‘The fifteen-minute race has been an uphill battle – only a few thousand sperm out of hundreds of millions have made it to the final stretch. Swimming furiously up the fallopian tubes at a few millimetres per second, helped along by contractions of the tubes’ walls, millions die along the way in one of the world’s most competitive marathons. The remaining sperm plunge their little heads into the outer layer of the egg wall, releasing enzymes that weaken the tough ramparts. Finally a single sperm manages to penetrate the wall and, within seconds, reaches the inner membrane layer that surrounds the egg’s cytosol. There it fuses its complete contents with the egg, so that sperm and egg become a single cell. Within a few more seconds, other enzymes are released from the cytosol to render the egg wall completely resistant to any further interlopers, and the wall remains intact for another five days yet, just to make sure. A few other sperm that make it to the finishing line knock their heads on the wall in vain.
Each of our lives began this way…Had another sperm swum just that tiny bit harder, then you could so easily have been male rather than female, or vice versa, but then of course ‘you’ would have been someone else altogether.’
That was the beginning of chapter 3 of Denis Alexander’s new book, The Language of Genetics: An Introduction. It makes me laugh – I imagine that was the desired effect – but it’s a great description of the beginning of life. I’m not sure about the wisdom of anthropomorphising sperm, but it does get across the urgency of the ‘race’, and highlights how unique each of us is. The scientific detail is interesting, and helps to illustrate something I’ve mentioned before that I think is often missed in natural theology – generosity.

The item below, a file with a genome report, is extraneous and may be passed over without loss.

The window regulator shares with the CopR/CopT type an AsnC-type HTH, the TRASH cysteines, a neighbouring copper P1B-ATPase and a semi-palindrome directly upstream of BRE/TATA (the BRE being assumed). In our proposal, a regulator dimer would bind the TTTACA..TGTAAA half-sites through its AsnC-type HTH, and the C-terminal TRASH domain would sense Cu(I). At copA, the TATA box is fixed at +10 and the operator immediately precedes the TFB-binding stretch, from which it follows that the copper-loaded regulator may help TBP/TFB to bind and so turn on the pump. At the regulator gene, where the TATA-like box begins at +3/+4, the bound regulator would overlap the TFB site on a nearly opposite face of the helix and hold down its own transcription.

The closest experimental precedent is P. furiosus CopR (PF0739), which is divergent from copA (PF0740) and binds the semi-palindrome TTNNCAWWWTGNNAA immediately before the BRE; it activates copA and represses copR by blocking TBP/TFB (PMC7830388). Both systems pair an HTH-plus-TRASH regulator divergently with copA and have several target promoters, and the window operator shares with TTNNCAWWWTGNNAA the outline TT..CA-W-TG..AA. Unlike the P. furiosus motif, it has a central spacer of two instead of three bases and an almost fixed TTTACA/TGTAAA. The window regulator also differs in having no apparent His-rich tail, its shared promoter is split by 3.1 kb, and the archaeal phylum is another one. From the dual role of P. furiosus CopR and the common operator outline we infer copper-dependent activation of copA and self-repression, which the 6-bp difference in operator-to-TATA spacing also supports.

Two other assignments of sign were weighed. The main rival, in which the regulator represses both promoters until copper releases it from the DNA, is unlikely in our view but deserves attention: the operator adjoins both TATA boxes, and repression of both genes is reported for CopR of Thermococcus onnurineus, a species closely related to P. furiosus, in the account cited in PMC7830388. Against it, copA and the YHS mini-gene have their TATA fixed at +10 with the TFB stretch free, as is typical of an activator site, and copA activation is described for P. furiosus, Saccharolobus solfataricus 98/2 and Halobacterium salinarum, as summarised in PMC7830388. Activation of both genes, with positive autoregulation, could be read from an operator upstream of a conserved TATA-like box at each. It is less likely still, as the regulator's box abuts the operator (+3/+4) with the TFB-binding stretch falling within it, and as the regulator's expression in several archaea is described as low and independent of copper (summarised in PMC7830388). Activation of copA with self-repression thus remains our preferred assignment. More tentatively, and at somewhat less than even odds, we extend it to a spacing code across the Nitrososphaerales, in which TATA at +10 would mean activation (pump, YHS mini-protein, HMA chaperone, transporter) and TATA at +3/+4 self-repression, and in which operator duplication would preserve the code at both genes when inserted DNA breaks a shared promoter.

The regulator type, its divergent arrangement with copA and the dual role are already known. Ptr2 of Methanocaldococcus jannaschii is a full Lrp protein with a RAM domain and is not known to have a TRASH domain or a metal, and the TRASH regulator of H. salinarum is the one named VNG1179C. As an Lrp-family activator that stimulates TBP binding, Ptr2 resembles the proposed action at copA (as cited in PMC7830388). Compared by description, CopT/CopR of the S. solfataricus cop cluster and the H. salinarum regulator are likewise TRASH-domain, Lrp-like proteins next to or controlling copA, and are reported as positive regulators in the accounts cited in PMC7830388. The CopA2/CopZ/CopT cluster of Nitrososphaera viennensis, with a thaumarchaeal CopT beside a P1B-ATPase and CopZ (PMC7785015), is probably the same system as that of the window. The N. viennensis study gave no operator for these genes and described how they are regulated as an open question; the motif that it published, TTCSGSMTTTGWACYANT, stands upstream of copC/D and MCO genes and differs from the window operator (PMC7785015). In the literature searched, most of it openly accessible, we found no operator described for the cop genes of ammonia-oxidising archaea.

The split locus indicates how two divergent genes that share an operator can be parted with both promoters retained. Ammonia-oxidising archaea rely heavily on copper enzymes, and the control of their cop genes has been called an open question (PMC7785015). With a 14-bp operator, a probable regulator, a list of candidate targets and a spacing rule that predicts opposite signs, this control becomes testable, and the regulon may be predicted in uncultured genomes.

I was at a meeting of Christians working in science a couple of weeks ago, and someone prayed a prayer that included thanking God for his efficiency in nature. Efficiency?! Millions of sperm for one individual? The earth’s crust packed full of useful ores, precious stones and energy-rich substances? Free energy from the sun, wind and waves? Plants that produce food from sunshine, air and water? I think these are examples of God’s great generosity in producing an abundance of resources*. Of course efficiency is something we need to think about when we use natural resources, but those resources are provided on a spectacular scale. I need to make sure that I don’t create my own God – in the image of a divine time and motion technician…
*I know that the production of thousands of gametes in reproduction is an adaptation to ensure successful reproduction, but I still think it flies in the face of the images that Christians sometimes use of God running everything very efficiently – as if overabundance might be a waste. That’s not what we see in nature.